New object style with all attributes disabled except Text Frame Auto Size Options with auto sizing set for height and width and proxy set for top left
  2. I fired up Find/Change and selected the Object tab. For each of the width measurements of the individual day number frames, starting with .3 inches:
    • Under Find Object Format, I searched for Text Frame General Options and typed in the width measurement. 
    • Under Change Object Format, I selected NEW OBJECT STYLE as Object Style.
      Find/Change Object, with Find Object Format: Text Frame General Options: Column Width: 0.3 in, change object format: Object style: NEW OBJECT STYLE

I told Dave that if he had any outliers, he could select the text frame and, from the contextual menu, select Fitting > Fit Frame to Content without bothering to search—an approach that would certainly be easier.

And with that, the clouds parted and the sun began to shine! Each frame the search found automatically enlarged width and height to accommodate the new number size.

Full page of calendar January 2022.

Some great lessons from this challenge

I hope I made it clear just how much I admire Dave, personally and professionally, even as I offer some (I hope gentle) criticism of how he set up his document. I can barely remember to look at a thermometer, so I sure don’t expect my weatherman to use object styles and GREP fluently!

  • InDesign’s power comes not only in the features that it offers but in using them creatively and in concert. This solution involved Find/Change with GREP, Find/Change with Object, paragraph styles, and object styles. If you need to change something, always think: how can it be found? 
  • If you use InDesign regularly, stay on top of new features, even if you don’t need to use them immediately. You never know! I’ve been using InDesign since 2003, and I had never searched for objects or for frames by their width until this challenge. Don’t be afraid to try new things (on copies of working files, of course).
  • Learn to use styles, even if you don’t think you really need them! Once you’ve committed to a complicated project with lots of local formatting, you can’t easily change your mind. Paragraph, character, and object styles would have made editing this template sooooooo much easier.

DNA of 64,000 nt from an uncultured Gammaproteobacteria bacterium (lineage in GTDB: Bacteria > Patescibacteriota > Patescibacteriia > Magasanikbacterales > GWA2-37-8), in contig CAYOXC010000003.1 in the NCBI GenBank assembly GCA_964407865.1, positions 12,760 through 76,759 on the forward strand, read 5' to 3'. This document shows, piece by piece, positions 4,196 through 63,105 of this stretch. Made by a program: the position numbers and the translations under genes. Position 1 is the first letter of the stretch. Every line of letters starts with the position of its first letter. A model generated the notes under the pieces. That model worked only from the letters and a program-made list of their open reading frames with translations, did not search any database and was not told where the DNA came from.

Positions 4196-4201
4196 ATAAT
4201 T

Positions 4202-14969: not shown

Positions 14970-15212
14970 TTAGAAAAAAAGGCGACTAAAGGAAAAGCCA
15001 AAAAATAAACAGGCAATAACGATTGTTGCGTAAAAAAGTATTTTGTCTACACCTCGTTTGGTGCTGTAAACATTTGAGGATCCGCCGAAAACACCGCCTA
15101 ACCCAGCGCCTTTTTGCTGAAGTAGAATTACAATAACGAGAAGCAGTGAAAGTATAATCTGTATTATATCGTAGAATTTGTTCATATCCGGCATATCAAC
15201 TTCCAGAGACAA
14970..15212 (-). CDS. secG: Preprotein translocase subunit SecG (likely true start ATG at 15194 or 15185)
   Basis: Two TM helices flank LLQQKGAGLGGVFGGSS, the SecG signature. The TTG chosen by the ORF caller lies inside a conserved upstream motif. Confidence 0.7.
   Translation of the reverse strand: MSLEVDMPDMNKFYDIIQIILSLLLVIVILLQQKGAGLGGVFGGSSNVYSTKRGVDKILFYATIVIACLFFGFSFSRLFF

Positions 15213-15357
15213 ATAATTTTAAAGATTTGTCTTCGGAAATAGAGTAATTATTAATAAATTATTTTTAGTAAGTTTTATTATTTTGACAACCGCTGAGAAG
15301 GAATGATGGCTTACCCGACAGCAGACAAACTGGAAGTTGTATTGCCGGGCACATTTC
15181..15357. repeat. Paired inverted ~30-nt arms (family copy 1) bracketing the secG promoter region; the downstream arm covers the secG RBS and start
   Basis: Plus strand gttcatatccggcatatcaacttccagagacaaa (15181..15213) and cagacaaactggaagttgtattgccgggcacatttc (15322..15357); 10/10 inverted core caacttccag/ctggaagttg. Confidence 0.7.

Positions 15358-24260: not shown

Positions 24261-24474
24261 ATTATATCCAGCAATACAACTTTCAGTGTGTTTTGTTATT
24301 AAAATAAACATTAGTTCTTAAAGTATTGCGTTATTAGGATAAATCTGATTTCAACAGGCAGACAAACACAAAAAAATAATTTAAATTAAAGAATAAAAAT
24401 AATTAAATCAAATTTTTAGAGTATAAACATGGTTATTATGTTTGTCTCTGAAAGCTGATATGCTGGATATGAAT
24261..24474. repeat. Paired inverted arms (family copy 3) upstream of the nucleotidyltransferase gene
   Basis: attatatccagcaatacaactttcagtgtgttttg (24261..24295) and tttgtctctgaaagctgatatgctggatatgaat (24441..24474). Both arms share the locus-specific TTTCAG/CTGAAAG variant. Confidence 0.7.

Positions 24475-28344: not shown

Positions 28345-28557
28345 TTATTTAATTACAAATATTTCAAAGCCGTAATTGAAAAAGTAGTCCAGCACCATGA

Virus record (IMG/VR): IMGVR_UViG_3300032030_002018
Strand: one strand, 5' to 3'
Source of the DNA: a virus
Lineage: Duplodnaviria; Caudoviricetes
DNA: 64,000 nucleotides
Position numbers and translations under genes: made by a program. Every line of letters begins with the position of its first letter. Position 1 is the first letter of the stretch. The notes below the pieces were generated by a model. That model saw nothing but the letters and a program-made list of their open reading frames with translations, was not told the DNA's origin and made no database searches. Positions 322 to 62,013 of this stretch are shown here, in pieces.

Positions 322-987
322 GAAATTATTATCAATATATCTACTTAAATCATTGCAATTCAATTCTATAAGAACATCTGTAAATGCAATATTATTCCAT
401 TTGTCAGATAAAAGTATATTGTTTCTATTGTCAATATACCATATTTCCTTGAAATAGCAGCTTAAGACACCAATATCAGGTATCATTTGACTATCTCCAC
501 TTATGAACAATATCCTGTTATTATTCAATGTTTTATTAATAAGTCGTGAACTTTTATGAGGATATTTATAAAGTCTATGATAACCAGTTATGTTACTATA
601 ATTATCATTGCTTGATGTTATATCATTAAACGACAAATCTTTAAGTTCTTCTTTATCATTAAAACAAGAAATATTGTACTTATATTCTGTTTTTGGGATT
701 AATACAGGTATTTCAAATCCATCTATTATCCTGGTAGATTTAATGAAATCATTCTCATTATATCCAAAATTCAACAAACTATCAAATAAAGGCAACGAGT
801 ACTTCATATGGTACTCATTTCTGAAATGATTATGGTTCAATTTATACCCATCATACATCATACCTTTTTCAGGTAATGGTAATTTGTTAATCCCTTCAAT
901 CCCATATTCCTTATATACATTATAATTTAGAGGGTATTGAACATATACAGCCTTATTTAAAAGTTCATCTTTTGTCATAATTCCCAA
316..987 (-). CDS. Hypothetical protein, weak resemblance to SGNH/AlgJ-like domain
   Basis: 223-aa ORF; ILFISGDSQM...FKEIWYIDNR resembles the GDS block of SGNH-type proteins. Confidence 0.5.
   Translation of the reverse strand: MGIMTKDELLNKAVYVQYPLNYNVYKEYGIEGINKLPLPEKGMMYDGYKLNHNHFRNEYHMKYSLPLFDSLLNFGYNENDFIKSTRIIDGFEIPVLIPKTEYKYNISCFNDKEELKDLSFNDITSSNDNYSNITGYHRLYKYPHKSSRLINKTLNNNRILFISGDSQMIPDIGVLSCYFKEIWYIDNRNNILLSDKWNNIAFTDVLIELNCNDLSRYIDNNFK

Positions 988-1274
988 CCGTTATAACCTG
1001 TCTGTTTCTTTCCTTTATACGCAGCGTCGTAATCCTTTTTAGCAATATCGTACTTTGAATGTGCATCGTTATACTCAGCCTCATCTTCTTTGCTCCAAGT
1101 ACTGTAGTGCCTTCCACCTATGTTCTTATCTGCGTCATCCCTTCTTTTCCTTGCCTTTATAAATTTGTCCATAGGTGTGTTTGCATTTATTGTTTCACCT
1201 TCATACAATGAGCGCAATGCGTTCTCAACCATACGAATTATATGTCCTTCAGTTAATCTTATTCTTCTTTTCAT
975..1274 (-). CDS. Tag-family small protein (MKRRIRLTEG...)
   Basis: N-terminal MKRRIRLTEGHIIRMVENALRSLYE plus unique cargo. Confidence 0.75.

• If you are faced with a layout challenge like this one—and we all will be, at one point or another—don’t panic! Break the solution into distinct challenges. Even if you can automate only part of a solution, that’s still a big improvement.
  • Even if you don’t use InDesign that often, you might use Word or other software more frequently for office and administrative work—and you will find using styles in those programs will give your documents consistency, structure, and flexibility for making them look awesome. Once you get used to using styles, I guarantee you’ll start to think in styles. Whatever software you’re using, using styles, if they are available, will improve the quality of your work!
  • To whatever extent you use InDesign, strive for consistency! Dave brings precision and logic and nuance to his weather forecasts, and it’s clear that even if he didn’t use styles, he built his document with consistency. His doing so made all the difference in letting me help him by giving me a reasonable number of frame widths to search for. 
  • If you’re designing a calendar, you should absolutely check out Calendar Wizard, which automates pretty much everything about the process. It’s free for noncommercial use and $20 if you’re using it to make money. Think about how much time that $20 will buy you!
  • At the very least, I’d strongly urge anyone making a calendar from scratch to use tables (and—of course!—table and cell styles).
  • Dave had everything on one default layer. A project like this would benefit from multiple layers that can be turned on and off as needed for clarity, focus, and ease of selecting objects.
  • If you can’t be a professional designer, have one on standby who owes you a favor.

Jeff Potter, a creative professional with close to 40 years of experience in all aspects of publishing, works as one of your editors at CreativePro Network. Separately, he also is the proud editor and designer of The Commons, a nonprofit community newspaper in Brattleboro, Vermont.